If your friends and family disapprove of your romantic relationship or choice in mate, how does that influence your relationship? Do relationships that experience support last longer than those that meet with disapproval? Are there health implications associated with having support for your relationship? Do individuals in marginalized relationship types (e.g., same-sex, age-discrepant, interracial) experience similar levels of social support as individuals in non-marginalized relationships? These are just some of the questions that I seek to answer within this line of research. I have examined these questions through the use of longitudinal survey methods with same-sex and mixed-sex couples. My current work is beginning to examine how people make decisions about their relationships based on the levels of support they perceive for their relationship. If your friends don't approve, do you find a new mate? Does the opinion of your best friend matter more or less than the opinion of your mother? Beyond the process of making decisions based on perceptions of social support for one's relationship, I am also interested in understanding more about how people judge the relationships of their friends and family. How do you determine if your best friend's new mate is as great as your friend thinks they are? Furthermore, when you don't like your friend's mate, do you tell your friend or keep quiet? How do these decision processes change when you disapprove of a family member's relationship, such as the relationship of a son or daughter? Are social network members consciously aware of the potential for disapproval to be interpreted as prejudice when providing their opinions on marginalized relationships?
the close relationships of people on the autistic spectrum
High functioning autistic individuals, previously known as individuals with Asperger's Syndrome, often desire and seek romantic relationships, yet ultimately experience difficulties maintaining relationships given the unique challenges they face with interpersonal communication. In this line of research, I seek to investigate how individuals on the spectrum navigate romantic relationships, and, more specifically, how they experience their sexual and gender identity. Do individuals on the spectrum (including self-identified Aspies) struggle with understanding processes related to safer sex and intimacy that could put them at a higher risk for sexually transmitted infections, including HIV? Are there interventions that could help youth and young adults to better navigate the complexities of determining one's sexual and gender identity and finding healthy and satisfying relationships?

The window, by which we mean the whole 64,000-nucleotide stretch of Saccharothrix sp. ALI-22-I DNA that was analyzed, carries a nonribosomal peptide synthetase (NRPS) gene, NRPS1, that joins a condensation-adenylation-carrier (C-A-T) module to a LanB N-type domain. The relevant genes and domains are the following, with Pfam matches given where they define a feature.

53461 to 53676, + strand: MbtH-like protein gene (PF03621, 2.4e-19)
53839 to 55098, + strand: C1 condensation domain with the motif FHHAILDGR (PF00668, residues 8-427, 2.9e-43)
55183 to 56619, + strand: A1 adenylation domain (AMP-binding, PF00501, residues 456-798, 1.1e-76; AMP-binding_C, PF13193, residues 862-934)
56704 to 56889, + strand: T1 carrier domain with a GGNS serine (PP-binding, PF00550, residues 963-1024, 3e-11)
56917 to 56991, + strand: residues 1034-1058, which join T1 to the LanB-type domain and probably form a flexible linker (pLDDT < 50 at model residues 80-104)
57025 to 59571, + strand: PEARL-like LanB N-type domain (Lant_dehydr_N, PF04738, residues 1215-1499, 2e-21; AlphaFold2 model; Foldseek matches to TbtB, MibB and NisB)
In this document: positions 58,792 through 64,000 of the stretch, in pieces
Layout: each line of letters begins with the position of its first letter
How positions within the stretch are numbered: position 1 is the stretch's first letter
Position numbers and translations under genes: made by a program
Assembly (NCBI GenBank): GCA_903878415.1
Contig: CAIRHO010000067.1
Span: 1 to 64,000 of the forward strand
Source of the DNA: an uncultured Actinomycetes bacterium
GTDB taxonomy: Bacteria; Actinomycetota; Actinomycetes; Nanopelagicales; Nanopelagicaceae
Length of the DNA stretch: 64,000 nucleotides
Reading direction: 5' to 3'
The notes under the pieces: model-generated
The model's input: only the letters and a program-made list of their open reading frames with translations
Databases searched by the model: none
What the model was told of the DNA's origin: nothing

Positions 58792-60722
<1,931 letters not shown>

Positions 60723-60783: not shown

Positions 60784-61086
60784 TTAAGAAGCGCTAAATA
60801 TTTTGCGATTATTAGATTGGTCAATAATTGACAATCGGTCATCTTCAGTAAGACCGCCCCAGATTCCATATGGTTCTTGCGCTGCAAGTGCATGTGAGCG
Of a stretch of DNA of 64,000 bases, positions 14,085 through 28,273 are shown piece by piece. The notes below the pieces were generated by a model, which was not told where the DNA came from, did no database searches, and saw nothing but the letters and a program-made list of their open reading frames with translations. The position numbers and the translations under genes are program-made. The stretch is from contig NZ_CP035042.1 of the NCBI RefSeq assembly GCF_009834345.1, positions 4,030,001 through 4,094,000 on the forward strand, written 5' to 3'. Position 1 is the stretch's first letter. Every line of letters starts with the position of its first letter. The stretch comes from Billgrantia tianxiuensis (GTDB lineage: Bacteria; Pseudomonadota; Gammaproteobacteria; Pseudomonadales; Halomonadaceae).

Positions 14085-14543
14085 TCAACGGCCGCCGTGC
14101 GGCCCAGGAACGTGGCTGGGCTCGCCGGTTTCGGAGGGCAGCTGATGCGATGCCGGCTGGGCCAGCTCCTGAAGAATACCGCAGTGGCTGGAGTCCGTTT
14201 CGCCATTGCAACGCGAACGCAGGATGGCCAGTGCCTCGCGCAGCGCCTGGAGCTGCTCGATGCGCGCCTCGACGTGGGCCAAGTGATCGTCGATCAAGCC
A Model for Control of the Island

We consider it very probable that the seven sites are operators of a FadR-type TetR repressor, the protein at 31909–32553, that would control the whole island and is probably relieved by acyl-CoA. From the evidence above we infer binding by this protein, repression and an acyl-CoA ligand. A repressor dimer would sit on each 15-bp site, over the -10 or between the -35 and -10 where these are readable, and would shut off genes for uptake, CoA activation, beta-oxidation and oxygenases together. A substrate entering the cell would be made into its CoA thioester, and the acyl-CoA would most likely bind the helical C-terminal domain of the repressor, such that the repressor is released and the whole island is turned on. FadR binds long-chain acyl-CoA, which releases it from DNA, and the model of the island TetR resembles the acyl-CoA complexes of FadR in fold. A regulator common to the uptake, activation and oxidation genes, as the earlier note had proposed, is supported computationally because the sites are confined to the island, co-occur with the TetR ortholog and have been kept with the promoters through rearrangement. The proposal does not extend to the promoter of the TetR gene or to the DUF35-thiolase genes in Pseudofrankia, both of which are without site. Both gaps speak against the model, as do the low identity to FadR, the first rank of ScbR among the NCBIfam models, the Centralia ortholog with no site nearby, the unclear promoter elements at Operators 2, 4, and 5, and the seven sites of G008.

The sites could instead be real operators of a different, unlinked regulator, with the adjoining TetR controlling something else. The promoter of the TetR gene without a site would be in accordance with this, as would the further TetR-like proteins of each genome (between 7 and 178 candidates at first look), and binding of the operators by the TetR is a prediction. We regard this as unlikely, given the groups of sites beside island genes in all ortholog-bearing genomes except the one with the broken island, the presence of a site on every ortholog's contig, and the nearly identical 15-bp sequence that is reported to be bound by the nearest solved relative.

femmephobia, femme identity & ingroup discrimination
Working with Rhea Ashley Hoskin, author of Femme Theory, I examine how societal devaluations of femininity lead to experiences of discrimination and oppression. In particular, this line of research investigates the experiences of femme identified individuals as well as individuals who are targets of femmephobia (e.g., a straight man deemed to be too 'feminine'). Rhea and I are working together to develop a measure of femmephobia so that this important construct can be examined from multiple perspectives across different disciplines.
How Can I Make A Donation?
The list below presents the numerous ways that you can make a donation to support KLB Research. Canadian tax receipts will be issued for donations processed through St. Francis Xavier University's "Give to StFX" page.
Option 1: Click the Donate Button to the right to make a secure donation with your credit card.
Option 2: Make a donation via Paypal.
Option 3: Become a Patron of KLB Research through our Patreon Page. Patreon allows you to make a monthly donation of any amount (starting at $1) and you can earn rewards for your generosity!
Option 4: Send an electronic email transfer to firstname.lastname@example.org through your Canadian Bank.
Mail a cheque payable to St. Francis Xavier University in US or Canadian funds to:
Dr. Karen Blair
P.O. Box 85
St. Francis Xavier University
Antigonish, Nova Scotia
B2G 2W5 Canada
In the cheque memo, state that the donation is to be directed to Dr. Karen L. Blair, KLB Research Lab
Visit the "Give to StFX" page on the St. Francis Xavier University Website
Fill out your name, email and donation amount.
Choose whether you would like to give a one time donation (Give Now), a gift with scheduled payments, or a perpetual donation.
Re-Enter your donation amount in the category marked "other."
In the box below, where it asks you to describe the "other" category to which you are donating, type in: Dr. Karen Blair's Research Lab (see screen capture below)